Polish Film: A Twentieth Century History
Polish Film: A Twentieth Century History
by Charles Ford
Edition: Paperback
Price: £44.95

4.0 out of 5 stars Interesting, but some extraneous material, 6 Feb. 2015
A fascinating mine of information for anyone interested in Polish cinema. There is much on pre-WW2 cinema, which will be new to nearly all readers. Most of the leading directors of the 20th century are adequately covered, though there is an unwarranted emphasis on the Hollywood output of Polish émigrés, such as Polanski whose Chinatown may be one of the best American movies but which has no relevance to Poland. Also Kieslowski's Blue and Red may be admirable films, but are basically French. At the same time an eminent and (to me) interesting Polish director like Zanussi is virtually ignored.
There is an extensive list of Polish films in an appendix, but hardly any bibliography.
Nevertheless an interesting book.

Leviathan [DVD]
Leviathan [DVD]
Dvd ~ Elena Lyadova
Price: £10.60

25 of 29 people found the following review helpful
5.0 out of 5 stars A stunning Russian masterpiece, 27 Jan. 2015
This review is from: Leviathan [DVD] (DVD)
The Return (2003), The Banishment (2007), and Elena (2011), the first three features of Andrei Zvyagintsev, were all, to my mind, among the very best films of the first decade or so of this century. He has now crowned these achievements with Leviathan, and established himself as arguably the finest exponent of intense family drama in world cinema.
Like The Return, Leviathan is set in the coastal far north with its striking landscapes and seascapes. The title, referring to a giant sea serpent or whale, comes from the Old Testament Book of Job, in which a good man is smitten with all sorts of misfortunes. The Job-like character here, Kolya, not an obviously "good" person like Job, is threatened with losing his house and land to the corrupt local mayor Vadim, and invites his lawyer friend Dmitri to assist him. Things go from bad to worse, however, and the comparison with the biblical Job becomes more obvious, especially when it is spelled out to him by a local priest.
The film is also a condemnation of the corruption rife in today's Russia (state officialdom being equated to a kind of "Leviathan"), and it is surprising that the authorities have approved the film by entering it for the 2015 Oscars, especially as Putin's photo is prominently displayed in Vadim's office, the words "Pussy Riot" are momentarily glimpsed on a TV screen, and photos of past Soviet presidents are used as target practice in a shooting contest! Copious amounts of vodka are consumed by most of the characters, as well as numerous cigarettes.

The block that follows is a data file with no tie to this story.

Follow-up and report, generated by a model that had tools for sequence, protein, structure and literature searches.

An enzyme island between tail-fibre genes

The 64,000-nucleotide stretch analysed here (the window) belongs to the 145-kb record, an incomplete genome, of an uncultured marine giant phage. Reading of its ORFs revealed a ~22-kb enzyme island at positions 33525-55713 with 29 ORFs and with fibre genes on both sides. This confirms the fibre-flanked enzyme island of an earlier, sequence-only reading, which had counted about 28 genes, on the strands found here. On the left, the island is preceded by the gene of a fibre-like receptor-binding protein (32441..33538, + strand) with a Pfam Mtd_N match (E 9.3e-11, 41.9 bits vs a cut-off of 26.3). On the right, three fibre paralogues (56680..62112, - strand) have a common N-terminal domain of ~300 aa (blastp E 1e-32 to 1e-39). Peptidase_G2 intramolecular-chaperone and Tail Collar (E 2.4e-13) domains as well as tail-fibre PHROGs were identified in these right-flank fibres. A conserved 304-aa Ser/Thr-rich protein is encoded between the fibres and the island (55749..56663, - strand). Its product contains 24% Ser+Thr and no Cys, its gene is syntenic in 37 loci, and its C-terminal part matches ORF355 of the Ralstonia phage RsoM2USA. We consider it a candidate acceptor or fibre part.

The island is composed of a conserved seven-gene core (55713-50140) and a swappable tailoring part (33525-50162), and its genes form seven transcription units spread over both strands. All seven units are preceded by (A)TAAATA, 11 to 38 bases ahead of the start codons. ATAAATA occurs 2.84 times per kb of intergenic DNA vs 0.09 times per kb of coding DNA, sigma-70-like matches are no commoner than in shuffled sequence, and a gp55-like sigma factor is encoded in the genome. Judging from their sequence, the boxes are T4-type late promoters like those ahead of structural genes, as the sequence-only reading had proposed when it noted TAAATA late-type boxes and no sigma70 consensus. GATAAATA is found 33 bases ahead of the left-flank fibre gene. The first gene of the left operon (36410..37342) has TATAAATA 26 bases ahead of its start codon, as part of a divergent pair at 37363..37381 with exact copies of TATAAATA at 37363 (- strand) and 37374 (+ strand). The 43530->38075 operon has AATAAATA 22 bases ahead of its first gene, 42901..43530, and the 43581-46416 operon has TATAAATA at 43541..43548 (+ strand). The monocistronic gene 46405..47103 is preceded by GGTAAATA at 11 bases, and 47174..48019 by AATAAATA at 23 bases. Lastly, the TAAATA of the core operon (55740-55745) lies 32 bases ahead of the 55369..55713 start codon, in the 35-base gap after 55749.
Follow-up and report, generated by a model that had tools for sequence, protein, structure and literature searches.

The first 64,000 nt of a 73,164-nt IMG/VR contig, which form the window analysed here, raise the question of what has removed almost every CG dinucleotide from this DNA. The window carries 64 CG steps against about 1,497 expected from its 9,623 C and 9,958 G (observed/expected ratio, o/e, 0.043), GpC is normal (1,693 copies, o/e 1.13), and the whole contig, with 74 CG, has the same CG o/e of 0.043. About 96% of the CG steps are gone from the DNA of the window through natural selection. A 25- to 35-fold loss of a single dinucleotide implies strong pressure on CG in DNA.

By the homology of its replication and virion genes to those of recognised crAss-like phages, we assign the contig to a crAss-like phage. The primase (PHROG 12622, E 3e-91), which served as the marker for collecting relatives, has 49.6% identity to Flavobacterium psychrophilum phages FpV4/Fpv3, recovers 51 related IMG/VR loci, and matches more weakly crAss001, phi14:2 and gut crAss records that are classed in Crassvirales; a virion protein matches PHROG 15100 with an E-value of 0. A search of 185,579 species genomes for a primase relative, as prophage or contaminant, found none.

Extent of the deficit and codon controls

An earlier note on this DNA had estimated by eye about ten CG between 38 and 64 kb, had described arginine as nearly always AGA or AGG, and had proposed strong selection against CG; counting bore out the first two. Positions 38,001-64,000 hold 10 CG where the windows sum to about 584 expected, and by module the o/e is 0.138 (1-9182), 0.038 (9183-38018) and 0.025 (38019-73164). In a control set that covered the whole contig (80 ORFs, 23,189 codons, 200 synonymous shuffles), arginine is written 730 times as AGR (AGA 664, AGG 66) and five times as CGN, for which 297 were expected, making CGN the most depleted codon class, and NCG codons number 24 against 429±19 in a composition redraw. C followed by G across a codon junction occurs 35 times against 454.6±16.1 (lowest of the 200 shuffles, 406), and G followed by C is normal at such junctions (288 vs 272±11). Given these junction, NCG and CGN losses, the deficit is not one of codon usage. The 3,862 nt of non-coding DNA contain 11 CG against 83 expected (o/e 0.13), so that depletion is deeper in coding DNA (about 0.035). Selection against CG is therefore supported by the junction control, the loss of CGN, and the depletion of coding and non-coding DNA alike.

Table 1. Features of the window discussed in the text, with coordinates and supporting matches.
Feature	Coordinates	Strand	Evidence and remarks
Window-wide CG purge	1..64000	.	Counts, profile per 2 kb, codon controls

Other "Leviathans" shown in the film are the rotting hulks of ships and the actual skeleton of a whale by the coast, plus a rather frightening machine which, to say more about, would amount to a spoiler.
The film looks stunning, and has an ominous musical score by Philip Glass. In the penultimate scene, an Orthodox priest delivers a sermon which is clearly the director's view of the events of his film.
Leviathan is a film in which everything that happens is bad, and none of the characters are very nice, except possibly Kolya's wife who is something of a doormat. This may sound depressing, but it is a riveting film, with lots of dialogue which requires constant concentration. It has already won awards (including "best film" at the 2014 London Festival), and should win more, including Best Foreign Film Oscar which has not been announced yet at the time of writing. It is a landmark in Russian and world cinema, and I would strongly urge all to see it.
Comment Comment (1) | Permalink | Most recent comment: Feb 24, 2015 5:22 PM GMT

Violette [DVD]
Violette [DVD]
Dvd ~ Emmanuelle Devos
Price: £13.14

2 of 2 people found the following review helpful
3.0 out of 5 stars Probably of limited appeal, but excellently acted., 17 Dec. 2014
This review is from: Violette [DVD] (DVD)
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A biopic of Violette Leduc, a French writer and friend of Simone de Beauvoir. I don't know how accurate this portrait is, but she is presented as a tormented character with a messy personal life and a very low opinion of her appearance. The acting is excellent throughout, but the film is rather dark, both in subject-matter and (unless it is just my copy) visually. In fact the later scenes in Provence seem in striking contrast to those in Paris. Worth seeing if you are interested in the subject, but probably of limited appeal otherwise.